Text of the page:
Redundant Array of Inexpensive Disks (RAID) is a group of strategies designed to provide fault tolerance for files stored on hard drives . In general, using RAID means that you are placing data on more than one disk; if a disk in the RAID set goes down, you still can get to your data because you either have a complete copy of that data (on another disk in the RAID set) or can regenerate the data on the failed disk from the data and parity information (something we will discuss when we look at RAID 5) on the remaining disks in the set.
In the simplest terms, RAID allows you to take more than one drive and combine them into a disk set (or array ) that functions just like a single drive. RAID can be hardware supported or software supported. Hardware RAID will be available on a computer where the SCSI controllers found on the motherboard support RAID. Some sort of configuration utility will be provided to set up RAID on a computer that supports hardware RAID. You can also buy add-on boards such as a SCSI controller card.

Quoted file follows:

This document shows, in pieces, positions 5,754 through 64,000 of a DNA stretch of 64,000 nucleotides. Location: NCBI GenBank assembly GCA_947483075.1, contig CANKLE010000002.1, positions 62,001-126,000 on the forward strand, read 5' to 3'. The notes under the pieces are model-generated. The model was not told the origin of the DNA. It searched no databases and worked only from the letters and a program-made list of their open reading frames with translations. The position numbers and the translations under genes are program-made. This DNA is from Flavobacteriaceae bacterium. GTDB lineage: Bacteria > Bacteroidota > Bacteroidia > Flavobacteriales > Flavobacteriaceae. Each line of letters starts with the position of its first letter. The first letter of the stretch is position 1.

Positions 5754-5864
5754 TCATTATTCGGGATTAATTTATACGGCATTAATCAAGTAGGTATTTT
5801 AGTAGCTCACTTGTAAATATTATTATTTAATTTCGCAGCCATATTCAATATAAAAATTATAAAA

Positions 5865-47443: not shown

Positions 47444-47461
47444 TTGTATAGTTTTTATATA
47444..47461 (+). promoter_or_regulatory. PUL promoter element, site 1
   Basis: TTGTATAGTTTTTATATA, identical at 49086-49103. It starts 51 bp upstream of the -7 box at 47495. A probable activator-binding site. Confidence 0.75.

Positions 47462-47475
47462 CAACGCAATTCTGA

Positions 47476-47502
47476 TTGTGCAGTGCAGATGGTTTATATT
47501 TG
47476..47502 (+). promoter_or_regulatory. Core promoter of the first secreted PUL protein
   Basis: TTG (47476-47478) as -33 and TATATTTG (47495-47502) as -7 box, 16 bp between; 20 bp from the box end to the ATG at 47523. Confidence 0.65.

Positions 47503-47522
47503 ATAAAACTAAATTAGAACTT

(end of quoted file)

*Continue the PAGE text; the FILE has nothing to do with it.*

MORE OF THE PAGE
With software RAID, the operating system you are running (and this is pretty much limited to network operating systems and Windows 2000 and XP Professional clients ) supports RAID. Windows 2000 and Windows Server 2003, Novell NetWare, some Linux distributions, Sun Solaris, and other network operating systems provide support for software RAID.